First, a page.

Title: The Banner Saga 2
Available On: PC, Mac OS, PlayStation 4, Xbox One
Publisher: Versus Evil
Genre: Tactical RPG
Official Site: http://www.bannersaga2.com/
Release Date: April 19, 2016
Where To Buy: Steam
As a sequel, The Banner Saga 2 does exactly what you expect it to. It picks up almost immediately where the original game left off, even allowing a save import from the original so the plot-altering decisions you made carry over. It improves on many aspects of the original game, and (although they are improved) suffers from some of the same drawbacks. The Banner Saga 2 is a wonderful game, with beautiful aesthetics, strategic battles and resource management, and a compelling story.
The first thing that stands out in The Banner Saga 2 is the art. The bleak Viking world returns, with much more variety in locations than the first game. Swamps, forests, and caves serve as backdrops in addition to the more recognizable snow-swept mountains. The different locations help ease a big issue with the caravan portions of the game. In the first, the beauty and music could get overwhelmed by a sense of “sameness,” with your ragtag clan marching across too similar locales and not capturing the sense of a long journey. The beautiful music makes a return as well and adds to the epic sense of scale. Finally, more voice work and cutscenes help flesh out the characters. Granted, there is still a lot of reading in The Banner Saga 2, but some of the monotonous aspects of the first game are better broken up.
The beautiful visuals and music draw you in, but its really the story and characters that keep you invested in the game. A save from the first game can be imported, or the player can just randomly generate their decisions from it, including which character (Rook or Alette) is going to lead the group. These characters both present a very different story: Rook suffers heavily from his losses, and has become nearly suicidal. He charges into battle against impossible odds and has little patience for people who do no follow his lead. On the other hand, Alette struggles with a lack of experience in both leading and fighting. Her journey is more transformative than Rook’s, but both are an interesting way to experience the game. A new Varl (the race of giants who are near extinction) character, Bolverk, also takes over much of the show and brings an entirely different perspective onto the trouble facing the world. All these characters are fleshed-out and believable, and it is easy to pick favorites and invest into the world of the game.
There are two areas of gameplay in The Banner Saga 2. The first is the resource management, decision making “caravan” portion of the game. This section is virtually unchanged from the first game. You must make difficult decisions, keep an eye on morale and supplies, and balance the amounts of soldiers and foragers you keep. It is a system that rewards planning but is not completely brutal when mistakes are made. It will definitely punish poor planning, but it is not a game-ender, like in a game of Darkest Dungeon or something similar.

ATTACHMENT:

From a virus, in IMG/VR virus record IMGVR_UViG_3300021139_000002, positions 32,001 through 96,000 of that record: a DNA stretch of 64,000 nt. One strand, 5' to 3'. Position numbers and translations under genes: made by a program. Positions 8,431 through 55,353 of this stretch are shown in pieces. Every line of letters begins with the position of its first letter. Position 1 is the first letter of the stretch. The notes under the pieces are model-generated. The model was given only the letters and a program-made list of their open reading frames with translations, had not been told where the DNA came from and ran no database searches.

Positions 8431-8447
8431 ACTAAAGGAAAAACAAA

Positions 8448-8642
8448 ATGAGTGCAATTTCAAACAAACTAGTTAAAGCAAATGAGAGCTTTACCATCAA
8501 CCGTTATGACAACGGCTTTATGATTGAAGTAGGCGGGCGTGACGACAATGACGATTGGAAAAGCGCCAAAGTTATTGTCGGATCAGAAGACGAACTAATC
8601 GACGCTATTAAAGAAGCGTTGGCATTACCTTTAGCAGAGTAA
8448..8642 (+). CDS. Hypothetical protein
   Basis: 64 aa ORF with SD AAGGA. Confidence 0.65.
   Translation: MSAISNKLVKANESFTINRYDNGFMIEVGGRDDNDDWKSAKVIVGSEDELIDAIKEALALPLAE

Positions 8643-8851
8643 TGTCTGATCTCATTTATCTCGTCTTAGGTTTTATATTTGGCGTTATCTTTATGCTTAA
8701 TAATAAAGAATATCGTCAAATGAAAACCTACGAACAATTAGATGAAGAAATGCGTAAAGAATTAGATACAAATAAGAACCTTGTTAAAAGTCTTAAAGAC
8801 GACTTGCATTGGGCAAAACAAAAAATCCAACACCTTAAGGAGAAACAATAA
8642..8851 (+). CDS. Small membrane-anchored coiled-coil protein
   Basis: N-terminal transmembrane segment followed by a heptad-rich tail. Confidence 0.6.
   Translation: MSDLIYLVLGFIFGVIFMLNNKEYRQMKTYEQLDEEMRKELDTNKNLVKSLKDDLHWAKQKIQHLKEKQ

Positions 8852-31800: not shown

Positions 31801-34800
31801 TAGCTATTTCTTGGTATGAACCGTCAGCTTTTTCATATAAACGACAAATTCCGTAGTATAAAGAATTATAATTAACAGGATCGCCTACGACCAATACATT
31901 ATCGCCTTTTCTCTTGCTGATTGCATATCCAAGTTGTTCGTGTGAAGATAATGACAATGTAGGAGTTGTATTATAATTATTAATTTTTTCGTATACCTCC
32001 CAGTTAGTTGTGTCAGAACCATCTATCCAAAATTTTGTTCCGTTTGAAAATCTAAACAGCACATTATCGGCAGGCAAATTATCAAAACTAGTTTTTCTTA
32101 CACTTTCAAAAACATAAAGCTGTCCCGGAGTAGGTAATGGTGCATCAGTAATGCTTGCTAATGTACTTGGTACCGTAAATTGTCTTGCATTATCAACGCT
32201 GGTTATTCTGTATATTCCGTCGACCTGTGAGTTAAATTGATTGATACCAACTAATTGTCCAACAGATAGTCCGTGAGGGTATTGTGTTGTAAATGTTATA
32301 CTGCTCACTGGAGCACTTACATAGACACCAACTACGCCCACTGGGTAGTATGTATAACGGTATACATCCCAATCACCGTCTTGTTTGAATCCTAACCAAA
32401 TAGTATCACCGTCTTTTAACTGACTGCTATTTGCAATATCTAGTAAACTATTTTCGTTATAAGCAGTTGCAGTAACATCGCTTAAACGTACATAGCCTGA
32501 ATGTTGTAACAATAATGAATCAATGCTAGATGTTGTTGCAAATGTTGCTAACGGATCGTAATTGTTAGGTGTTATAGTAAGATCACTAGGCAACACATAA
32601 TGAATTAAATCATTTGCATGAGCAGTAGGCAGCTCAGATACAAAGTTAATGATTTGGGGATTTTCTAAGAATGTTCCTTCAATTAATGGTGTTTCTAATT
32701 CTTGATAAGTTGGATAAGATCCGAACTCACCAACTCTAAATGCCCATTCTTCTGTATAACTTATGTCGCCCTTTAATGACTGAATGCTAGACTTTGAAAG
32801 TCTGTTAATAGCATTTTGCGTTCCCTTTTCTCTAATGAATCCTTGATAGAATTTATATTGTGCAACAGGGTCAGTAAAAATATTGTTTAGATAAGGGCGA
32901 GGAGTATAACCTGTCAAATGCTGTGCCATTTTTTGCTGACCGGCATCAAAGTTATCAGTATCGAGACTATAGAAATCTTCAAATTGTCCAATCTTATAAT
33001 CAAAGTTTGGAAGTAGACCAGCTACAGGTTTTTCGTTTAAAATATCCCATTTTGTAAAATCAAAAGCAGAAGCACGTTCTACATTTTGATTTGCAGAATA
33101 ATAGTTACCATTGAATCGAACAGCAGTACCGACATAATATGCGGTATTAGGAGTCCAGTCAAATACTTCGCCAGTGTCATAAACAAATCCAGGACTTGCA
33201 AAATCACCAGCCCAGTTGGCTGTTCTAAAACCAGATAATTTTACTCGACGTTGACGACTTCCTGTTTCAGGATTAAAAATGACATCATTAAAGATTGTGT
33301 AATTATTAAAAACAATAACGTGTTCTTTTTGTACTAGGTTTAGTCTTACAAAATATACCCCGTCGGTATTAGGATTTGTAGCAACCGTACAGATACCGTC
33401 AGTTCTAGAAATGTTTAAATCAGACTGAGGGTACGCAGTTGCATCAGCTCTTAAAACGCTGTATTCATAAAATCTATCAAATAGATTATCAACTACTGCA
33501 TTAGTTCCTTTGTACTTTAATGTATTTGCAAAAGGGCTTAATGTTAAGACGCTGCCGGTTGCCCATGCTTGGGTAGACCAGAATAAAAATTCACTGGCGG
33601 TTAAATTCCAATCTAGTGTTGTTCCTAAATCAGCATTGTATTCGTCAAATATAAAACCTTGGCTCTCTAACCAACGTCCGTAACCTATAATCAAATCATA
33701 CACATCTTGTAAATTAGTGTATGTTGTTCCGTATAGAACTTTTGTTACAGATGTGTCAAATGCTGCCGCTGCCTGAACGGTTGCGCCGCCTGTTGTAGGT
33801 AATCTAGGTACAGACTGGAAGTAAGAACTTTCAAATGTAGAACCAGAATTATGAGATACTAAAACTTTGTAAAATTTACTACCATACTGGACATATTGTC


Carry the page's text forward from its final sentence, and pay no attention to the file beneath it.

The other gameplay in The Banner Saga 2 is the grid-based tactical combat, and most of the game’s changes impact this area. The most impactful are the new hero types. There is a wide variety in the types of fighters you can use, which makes you feel more in command of your fighting style. It also defeats the monotony of battling the same three dredge unit types that plagued the original. There are a variety of battle objectives that add intensity to combat. Sometimes your objective will be to kill one specific unit on the battlefield, such as a commander. Other times, swarms of enemies will attack as you struggle to clear barricades or ready ships. The battle variety greatly improves on something that was already a strength in the series.
Not every change in The Banner Saga 2 is a vast improvement. The AI still needs some work, and some battles will be decided by the enemy being a fool. Repeatedly walking through hazards, trapping themselves behind obstructions, not finishing off nearly dead heroes: this AI is not Alexander the Great. That is not to say that combat is easy, but some battles end in odd, anticlimactic ways. There are still some out of the blue events that feel a bit cheap, and there can be some drudging elements. Finally, it suffers a bit from “part two of three” syndrome. Whereas the first game felt like a self-contained narrative that left itself open for a sequel, The Banner Saga 2 is definitely moving the pieces in place for a third game. This can cheapen the resolution of this tale a bit, as not every character arc reaches a place that feels fulfilling.
Nitpicking aside, The Banner Saga 2 is a very good game. The tactical combat has a lot of strategy and variety, and the resource management sections can lead to some agonizing choice. The art direction and music are both beautiful, and the interesting characters lead to plenty of interesting drama. It is highly recommended to anyone, especially fans of the first game.
- Gameplay: Lead your troops in grid-based combat. Manage resources. Make dramatic decisions that will seem right when you make them, but will probably get people killed.
- Graphics: Beautiful hand-drawn style. Bleak, but inspired, a variety of locations. Crisp animation.
- Sound: Excellent soundtrack adds to epic Viking feel. Sound effects are generic.
- Presentation: Cool setting and world. Lots of surprises. Minimal UI allows graphical admiration. Lots of text.
- Combat variety
- Interesting characters and story
- Impactful decisions
- Beautiful art style and unique settings
- Improves on original in almost every way
- Enemy AI is a little... odd
- Setting up for sequel a bit too much